So where do you see your role as a kind of historian and as a historic novelist?

I feel as a novelist that my first priority is always to tell the most compelling story I can tell. So when faced with the choice between giving something that is historically accurate and giving you a story that is completely compelling, I’ll always kind of veer toward compelling. But I think I am enough of a sucker for history, that my preference is always to give the reader something that is both compelling and true. So whenever possible, I try to stick to the historical record. But when I do have to deviate from it, because the story really requires it, and I don’t beat myself up about it too much. Usually.

So what do you want the reader to get out of your novel? All this scandal and history.

I mean, first and foremost, I hope the book is like an immersive experience that is enjoyable to read. And that leaves a lasting impression. I think that in this case, with this book, I was really interested in ideas surrounding, like, male chivalry. And our kind of perceptions and misperceptions of the past and the way the past has influenced the present. In many cases, you can trace the direct line between the policies and practices that were in place in Virginia and 181 and the issues we face today. And so, those were always really intriguing connections for me to make when I was writing, and I hope that readers enjoy kind of discovering them for themselves.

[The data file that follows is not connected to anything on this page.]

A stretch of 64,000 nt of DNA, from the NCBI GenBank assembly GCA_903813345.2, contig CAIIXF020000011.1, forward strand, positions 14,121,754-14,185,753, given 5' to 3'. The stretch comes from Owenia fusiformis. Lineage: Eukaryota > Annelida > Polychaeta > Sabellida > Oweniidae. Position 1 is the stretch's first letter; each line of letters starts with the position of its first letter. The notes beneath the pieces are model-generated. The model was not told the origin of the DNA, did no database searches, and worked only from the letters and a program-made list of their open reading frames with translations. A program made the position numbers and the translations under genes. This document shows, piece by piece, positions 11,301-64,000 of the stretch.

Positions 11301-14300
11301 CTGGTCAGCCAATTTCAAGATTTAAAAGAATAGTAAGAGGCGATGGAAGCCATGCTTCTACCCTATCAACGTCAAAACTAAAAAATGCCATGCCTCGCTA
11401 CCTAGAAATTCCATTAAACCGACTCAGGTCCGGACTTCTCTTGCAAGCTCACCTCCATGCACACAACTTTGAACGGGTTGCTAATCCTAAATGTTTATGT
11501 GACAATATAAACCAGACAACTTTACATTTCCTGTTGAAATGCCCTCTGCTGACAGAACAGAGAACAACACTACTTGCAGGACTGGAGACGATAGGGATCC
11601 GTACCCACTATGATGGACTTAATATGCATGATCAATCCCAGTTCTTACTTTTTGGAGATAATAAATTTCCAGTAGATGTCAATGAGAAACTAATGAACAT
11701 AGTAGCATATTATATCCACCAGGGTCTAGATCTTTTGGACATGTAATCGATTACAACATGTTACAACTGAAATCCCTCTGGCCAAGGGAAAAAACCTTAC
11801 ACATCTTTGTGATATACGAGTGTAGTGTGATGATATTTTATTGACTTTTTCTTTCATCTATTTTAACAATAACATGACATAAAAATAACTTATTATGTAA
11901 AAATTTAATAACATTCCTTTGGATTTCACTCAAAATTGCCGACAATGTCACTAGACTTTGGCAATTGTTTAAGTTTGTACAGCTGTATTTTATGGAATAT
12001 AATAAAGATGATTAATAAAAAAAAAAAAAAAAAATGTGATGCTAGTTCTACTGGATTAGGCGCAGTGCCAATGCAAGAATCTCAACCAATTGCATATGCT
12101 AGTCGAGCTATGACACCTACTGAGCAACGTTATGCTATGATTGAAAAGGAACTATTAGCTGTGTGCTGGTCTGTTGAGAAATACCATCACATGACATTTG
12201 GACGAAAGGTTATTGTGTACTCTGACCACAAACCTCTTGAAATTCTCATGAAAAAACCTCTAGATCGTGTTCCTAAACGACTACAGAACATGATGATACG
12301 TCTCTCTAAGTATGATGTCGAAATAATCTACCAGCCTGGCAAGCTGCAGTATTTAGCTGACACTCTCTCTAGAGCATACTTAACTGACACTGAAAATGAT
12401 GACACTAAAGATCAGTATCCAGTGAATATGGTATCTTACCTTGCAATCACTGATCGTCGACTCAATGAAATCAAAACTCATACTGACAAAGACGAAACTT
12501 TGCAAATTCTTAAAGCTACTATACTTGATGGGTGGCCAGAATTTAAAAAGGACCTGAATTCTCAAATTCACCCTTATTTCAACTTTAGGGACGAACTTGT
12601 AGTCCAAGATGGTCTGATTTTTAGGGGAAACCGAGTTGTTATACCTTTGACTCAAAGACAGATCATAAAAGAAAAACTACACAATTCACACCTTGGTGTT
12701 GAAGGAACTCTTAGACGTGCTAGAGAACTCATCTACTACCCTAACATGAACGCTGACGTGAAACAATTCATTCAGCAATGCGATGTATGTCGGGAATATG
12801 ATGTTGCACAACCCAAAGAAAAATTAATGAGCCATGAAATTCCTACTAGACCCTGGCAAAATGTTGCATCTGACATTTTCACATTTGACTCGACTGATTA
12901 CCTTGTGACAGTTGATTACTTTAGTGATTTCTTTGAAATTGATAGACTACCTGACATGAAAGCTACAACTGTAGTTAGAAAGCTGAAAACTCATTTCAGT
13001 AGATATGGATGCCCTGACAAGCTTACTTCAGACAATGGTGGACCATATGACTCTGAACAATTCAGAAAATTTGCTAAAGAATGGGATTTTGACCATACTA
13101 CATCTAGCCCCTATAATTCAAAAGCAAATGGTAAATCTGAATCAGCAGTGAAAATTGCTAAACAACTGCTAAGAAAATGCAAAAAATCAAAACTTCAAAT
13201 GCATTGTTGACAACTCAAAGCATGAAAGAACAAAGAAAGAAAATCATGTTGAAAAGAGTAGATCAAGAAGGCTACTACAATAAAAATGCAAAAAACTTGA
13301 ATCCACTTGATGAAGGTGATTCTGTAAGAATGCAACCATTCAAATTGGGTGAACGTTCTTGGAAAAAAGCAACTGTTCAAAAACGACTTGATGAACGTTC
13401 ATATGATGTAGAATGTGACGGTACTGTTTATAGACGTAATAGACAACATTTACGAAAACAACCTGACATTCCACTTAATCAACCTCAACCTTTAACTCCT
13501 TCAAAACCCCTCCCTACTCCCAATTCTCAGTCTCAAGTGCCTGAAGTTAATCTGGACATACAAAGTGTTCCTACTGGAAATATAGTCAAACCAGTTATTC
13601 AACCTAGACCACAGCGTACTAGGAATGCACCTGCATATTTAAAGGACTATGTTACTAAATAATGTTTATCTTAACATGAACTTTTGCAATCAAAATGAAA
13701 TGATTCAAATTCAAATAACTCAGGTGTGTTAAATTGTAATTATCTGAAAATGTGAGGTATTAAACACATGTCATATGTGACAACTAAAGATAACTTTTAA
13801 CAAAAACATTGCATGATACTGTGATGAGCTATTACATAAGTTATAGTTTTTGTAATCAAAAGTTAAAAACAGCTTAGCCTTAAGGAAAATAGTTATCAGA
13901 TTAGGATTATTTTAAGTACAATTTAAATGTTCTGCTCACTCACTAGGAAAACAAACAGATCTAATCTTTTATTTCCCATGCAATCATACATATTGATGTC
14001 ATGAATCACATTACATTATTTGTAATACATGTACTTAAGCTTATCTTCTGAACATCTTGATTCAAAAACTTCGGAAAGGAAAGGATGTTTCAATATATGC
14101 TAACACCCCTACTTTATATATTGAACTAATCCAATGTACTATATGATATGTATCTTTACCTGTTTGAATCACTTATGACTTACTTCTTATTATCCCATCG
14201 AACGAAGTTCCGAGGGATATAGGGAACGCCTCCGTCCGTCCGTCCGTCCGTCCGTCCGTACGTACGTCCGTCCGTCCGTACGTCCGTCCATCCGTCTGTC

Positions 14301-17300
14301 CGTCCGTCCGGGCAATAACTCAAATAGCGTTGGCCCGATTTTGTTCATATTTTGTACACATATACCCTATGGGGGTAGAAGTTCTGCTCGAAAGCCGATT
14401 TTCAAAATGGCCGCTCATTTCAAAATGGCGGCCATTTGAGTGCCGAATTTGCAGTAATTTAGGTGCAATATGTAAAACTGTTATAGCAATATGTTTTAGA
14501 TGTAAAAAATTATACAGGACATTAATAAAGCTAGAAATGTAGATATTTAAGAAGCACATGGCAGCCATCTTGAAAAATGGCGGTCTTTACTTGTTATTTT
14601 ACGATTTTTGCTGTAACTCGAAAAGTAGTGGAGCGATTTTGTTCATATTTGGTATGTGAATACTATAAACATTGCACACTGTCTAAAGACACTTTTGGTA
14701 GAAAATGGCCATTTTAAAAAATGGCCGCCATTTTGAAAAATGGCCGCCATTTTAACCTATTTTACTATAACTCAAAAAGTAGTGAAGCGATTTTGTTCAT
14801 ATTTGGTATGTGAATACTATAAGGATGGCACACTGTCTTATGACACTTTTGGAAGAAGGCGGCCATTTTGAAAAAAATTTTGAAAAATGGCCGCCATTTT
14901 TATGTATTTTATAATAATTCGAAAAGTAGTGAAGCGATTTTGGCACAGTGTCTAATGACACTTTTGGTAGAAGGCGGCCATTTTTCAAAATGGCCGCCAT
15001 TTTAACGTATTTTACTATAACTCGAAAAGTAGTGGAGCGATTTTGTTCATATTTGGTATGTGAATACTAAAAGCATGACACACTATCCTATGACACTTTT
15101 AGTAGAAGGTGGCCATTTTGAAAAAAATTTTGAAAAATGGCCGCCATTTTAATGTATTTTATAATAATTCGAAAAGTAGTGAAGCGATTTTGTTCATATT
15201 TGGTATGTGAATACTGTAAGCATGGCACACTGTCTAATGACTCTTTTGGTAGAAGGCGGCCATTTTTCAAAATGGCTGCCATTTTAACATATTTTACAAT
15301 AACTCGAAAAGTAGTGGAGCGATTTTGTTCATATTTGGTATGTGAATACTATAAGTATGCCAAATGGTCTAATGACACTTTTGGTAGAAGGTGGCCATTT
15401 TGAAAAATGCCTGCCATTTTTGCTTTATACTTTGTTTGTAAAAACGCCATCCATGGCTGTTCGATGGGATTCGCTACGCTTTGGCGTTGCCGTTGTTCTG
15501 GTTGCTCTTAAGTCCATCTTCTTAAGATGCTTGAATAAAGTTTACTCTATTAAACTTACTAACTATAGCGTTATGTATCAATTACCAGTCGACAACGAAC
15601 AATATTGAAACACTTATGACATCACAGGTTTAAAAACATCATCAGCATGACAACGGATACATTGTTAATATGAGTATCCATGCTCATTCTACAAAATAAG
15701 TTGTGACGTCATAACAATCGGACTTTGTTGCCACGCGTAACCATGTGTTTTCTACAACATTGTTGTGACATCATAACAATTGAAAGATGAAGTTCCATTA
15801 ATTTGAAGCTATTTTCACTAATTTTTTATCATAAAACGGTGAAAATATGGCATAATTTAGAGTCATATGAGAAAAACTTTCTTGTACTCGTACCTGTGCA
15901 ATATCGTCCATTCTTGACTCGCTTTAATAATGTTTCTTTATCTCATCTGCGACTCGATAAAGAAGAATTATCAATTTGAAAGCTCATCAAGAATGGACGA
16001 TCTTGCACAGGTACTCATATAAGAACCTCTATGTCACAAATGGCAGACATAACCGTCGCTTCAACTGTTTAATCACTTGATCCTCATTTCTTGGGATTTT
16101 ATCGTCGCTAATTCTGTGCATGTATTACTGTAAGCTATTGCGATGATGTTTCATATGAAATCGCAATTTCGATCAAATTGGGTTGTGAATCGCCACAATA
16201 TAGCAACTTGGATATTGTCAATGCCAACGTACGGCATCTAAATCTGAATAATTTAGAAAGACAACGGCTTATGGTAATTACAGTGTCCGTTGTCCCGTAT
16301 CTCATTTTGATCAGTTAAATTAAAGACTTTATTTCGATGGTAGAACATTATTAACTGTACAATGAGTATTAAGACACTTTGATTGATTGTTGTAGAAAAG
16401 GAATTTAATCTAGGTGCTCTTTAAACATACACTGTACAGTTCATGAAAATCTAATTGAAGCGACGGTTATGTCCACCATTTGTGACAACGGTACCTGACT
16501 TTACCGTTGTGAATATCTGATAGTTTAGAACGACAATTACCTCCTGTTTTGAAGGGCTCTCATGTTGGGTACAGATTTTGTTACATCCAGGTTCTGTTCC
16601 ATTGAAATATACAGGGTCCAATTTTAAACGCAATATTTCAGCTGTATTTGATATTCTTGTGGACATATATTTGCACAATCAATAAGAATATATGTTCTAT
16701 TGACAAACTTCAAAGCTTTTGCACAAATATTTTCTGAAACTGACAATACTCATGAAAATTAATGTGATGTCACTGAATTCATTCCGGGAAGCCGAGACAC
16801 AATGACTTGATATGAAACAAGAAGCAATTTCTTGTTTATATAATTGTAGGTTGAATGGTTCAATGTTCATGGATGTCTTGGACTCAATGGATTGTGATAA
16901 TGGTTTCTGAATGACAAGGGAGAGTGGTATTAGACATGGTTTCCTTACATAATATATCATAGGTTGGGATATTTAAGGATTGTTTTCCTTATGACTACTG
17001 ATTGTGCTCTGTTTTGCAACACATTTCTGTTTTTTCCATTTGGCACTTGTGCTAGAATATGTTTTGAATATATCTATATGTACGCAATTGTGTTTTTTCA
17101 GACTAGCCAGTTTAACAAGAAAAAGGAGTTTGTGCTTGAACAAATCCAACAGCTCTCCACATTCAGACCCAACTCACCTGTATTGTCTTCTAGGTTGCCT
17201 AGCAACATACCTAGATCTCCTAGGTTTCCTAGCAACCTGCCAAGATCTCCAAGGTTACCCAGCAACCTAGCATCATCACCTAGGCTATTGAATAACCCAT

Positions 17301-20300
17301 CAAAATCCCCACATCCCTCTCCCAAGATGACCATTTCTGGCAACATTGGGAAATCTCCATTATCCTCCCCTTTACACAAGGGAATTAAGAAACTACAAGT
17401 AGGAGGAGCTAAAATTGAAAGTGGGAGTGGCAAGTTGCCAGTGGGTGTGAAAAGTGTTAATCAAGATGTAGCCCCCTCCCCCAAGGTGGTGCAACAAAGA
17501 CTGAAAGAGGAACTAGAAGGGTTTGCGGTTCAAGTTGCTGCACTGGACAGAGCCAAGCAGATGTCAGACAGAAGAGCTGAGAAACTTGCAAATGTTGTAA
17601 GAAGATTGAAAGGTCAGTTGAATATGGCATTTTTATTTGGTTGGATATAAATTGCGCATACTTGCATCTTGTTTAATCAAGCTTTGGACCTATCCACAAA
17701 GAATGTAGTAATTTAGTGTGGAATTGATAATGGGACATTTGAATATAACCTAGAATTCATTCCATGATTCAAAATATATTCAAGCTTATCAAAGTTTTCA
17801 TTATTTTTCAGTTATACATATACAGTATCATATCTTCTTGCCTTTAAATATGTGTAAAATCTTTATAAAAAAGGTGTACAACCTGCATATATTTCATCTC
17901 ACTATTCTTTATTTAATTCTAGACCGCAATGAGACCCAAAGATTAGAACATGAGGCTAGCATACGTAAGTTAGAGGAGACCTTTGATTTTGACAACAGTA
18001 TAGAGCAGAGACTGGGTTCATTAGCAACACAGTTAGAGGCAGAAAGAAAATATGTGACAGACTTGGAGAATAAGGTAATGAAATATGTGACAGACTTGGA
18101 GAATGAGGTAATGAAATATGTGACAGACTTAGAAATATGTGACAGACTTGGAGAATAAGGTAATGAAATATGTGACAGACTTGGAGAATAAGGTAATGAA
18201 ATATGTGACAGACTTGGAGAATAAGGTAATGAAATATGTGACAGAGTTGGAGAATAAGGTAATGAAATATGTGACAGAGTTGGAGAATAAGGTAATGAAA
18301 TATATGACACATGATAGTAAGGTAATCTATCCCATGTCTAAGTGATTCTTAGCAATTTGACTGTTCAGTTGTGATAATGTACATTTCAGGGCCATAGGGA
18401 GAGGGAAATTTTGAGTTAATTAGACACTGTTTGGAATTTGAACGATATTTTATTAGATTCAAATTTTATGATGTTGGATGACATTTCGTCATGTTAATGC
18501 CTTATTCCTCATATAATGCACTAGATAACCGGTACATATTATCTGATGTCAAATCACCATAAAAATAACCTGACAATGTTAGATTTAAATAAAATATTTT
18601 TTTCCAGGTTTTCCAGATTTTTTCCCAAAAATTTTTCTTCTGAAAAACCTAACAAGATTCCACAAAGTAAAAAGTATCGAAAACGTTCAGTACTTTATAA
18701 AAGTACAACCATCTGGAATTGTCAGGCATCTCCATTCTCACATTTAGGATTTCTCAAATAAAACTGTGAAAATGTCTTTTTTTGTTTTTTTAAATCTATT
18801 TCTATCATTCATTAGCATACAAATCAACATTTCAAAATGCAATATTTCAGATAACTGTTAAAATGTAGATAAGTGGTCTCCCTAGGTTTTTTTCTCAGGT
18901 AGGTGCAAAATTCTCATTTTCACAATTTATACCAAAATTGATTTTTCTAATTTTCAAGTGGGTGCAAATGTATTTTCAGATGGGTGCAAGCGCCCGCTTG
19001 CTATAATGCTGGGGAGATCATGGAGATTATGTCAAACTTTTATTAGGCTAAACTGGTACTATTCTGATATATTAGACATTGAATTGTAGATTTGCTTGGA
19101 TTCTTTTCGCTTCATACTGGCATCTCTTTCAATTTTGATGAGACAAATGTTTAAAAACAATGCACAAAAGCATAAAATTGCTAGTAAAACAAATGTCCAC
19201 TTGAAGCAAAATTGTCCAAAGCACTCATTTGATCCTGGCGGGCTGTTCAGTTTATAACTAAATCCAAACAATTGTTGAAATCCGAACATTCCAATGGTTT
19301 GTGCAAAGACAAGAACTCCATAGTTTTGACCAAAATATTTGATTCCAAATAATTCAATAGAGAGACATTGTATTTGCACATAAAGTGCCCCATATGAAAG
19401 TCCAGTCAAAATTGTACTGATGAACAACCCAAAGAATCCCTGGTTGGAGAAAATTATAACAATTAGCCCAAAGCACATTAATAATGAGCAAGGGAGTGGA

So taking a little step back. You had said that you’d always kind of dabbled in writing, kind of got ideas. But when do you think you knew you wanted to be a writer?

My parents were both big readers, and we always had a ton of books around. And most nights if I walked into the living room, both my parents were stretched out on a sofa or recliner or whatever with a book in their hands—even if they were asleep, on their chest. So, certainly, books were an early part of my life. 

We always had the policy in my house that as long as I was reading, I didn’t have at that time. So, you know, I could stay up as late as I wanted if I had a book. So reading was something I always really adored. And then I was a military kid, too; my dad was in the Navy. And I think that that had a huge influence on me—when I think back now—because every couple of years, I showed up somewhere new, and I had to learn a new place, new people, new relationships, and make all of these connections. And I think that helped me to see the world a little differently. And maybe it changed the way I see myself in that world. So the writing, I think, has come out of that experience.

And what have you been reading through all this and currently?